“But divorce laws across the nation, including Texas, protect partners from that happening, and give the parties the right to have what they built together, divided in a fair and equitable way.”

The four-day trial was held in the 285th District Court of Bexar County, with Judge Aaron Haas presiding. The jury ultimately determined, by a 10-2 vote, that Hoffman and Ortiz had been involved in a common law marriage, finding that the couple was married on February 14, 1996, and that grounds existed for the court to grant a divorce.

Nichols says that the jury verdict entitles Hoffman to Social Security benefits, based on Ortiz’s much higher salary, long-term spousal benefits through Ortiz’s retirement plan with the San Antonio Independent School District, and spousal support, or alimony, from Ortiz, which is important because Hoffman has since become disabled and can no longer work. 

With the jury having ruled in Hoffman’s favor, a judge will now decide how the couple’s assets will be divided and will issue a final decree of divorce, which will not be stayed, meaning it would take effect immediately. 

Nichols said that although he expects Ortiz’s lawyers to appeal the decision to the Court of Appeals in San Antonio, and potentially up to the Texas Supreme Court, he does not expect the state to interfere. While Texas Attorney General Ken Paxton has tried to limit the impact of the Obergefell case, he has not yet gotten involved in the case.

“We anticipate the state might make a claim or file a brief once the decision is appealed. But he has no binding decision-making power,” Nichols said of Paxton. “He can give his opinion, and he likes to do that. But it doesn’t necessarily mean they’ll be ruling on anything.”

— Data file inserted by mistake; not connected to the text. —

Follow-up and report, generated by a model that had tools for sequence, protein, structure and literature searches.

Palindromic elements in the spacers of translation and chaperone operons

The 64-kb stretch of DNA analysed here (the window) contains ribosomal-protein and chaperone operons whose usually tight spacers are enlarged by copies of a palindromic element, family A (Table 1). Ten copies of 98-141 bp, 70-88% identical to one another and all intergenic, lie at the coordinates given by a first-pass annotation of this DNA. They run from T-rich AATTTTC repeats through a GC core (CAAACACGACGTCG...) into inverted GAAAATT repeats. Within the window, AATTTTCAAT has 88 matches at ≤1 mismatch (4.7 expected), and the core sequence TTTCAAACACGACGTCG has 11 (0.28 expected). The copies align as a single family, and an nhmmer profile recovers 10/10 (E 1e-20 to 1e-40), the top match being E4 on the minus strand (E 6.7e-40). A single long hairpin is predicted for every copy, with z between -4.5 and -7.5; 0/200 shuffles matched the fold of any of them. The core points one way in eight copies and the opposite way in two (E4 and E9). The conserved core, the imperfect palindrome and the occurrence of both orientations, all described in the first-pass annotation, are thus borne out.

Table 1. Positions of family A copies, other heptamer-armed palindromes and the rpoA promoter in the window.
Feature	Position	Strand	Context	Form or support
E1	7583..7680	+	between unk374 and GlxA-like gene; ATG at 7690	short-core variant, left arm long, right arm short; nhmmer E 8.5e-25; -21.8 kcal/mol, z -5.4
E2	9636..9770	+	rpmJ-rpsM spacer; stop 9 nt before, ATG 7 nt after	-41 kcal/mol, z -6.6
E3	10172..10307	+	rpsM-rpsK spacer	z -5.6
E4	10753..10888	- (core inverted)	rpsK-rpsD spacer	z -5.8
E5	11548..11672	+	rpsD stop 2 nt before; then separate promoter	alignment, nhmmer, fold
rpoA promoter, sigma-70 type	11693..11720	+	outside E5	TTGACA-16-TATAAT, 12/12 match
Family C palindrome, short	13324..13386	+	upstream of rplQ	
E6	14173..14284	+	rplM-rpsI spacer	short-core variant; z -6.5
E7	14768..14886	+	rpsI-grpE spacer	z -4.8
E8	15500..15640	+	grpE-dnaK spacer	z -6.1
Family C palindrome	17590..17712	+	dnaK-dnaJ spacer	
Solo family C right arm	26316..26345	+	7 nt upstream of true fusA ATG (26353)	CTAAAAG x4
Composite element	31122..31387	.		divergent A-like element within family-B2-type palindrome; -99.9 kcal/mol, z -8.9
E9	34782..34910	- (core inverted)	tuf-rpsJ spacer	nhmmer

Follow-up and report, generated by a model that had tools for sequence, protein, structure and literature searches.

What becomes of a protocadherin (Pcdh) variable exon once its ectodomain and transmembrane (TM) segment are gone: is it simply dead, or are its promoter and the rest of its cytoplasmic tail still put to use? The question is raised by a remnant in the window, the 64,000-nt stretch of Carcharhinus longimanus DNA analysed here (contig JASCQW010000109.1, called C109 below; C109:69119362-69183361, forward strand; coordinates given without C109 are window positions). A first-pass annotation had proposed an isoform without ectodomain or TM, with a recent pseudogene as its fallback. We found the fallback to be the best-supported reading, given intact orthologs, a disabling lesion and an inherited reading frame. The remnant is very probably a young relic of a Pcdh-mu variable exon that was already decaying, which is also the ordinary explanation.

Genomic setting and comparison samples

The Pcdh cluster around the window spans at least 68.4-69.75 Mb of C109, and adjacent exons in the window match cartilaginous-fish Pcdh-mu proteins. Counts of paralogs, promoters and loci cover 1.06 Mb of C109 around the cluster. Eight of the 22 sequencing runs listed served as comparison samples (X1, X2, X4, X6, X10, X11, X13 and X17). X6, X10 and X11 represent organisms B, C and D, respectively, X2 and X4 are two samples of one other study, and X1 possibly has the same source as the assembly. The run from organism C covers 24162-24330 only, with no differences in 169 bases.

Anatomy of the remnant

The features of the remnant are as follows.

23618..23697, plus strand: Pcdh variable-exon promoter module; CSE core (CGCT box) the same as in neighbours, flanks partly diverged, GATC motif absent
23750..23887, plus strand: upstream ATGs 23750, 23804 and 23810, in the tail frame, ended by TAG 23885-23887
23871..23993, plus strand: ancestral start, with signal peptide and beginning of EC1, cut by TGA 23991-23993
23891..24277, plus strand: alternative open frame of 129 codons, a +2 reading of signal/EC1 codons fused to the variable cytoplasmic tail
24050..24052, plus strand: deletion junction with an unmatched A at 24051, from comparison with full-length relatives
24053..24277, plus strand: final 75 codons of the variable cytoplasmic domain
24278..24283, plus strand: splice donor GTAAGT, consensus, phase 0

Nichols noted that the decision in favor of Hoffman could have implications for other gay couples across Texas seeking to have their common law marriages recognized.

“One man and one woman voted against us,” Nichols said of his post-trial conversations with jurors to determine how they had voted and what had swayed their decision-making.

“Interestingly, there were two people on the panel who said they did not believe in gay marriage. And both of them voted for us. The two that didn’t, their main reason was, ‘Why didn’t they get married formally after [the] Obergefell [Supreme Court decision] came down?’ And our response was, ‘They didn’t have to, because they were already married,'” Nichols said.

“In all respects, they had a marriage, it was just they could now get a special piece of paper saying it. But to them, they didn’t need the piece of paper, because Obergefell didn’t drastically change their relationship. That’s not what formed a marriage. And that’s why we have common law marriage in Texas.”

Nichols also said that speaking to the two jurors opposed to same-sex marriage who eventually sided with Hoffman was “one of the more satisfying points” of his personal and professional life.

“I probably gave the best damn closing argument I’ve ever given in my life,” he said. “I was able to demonstrate that through all the ups and downs…the reason [Hoffman and Ortiz] stayed [together] was they vowed to stay together for better or for worse, for richer or poorer, in sickness and in health, and all those things apply in this particular case. They stuck it out because they committed to do that with each other, and that’s what we call marriage.

“Both jurors said they had never thought of it that way. They both said they were on the fence until the very end, but that description, that explanation, led them to say ‘What these people had was real.'”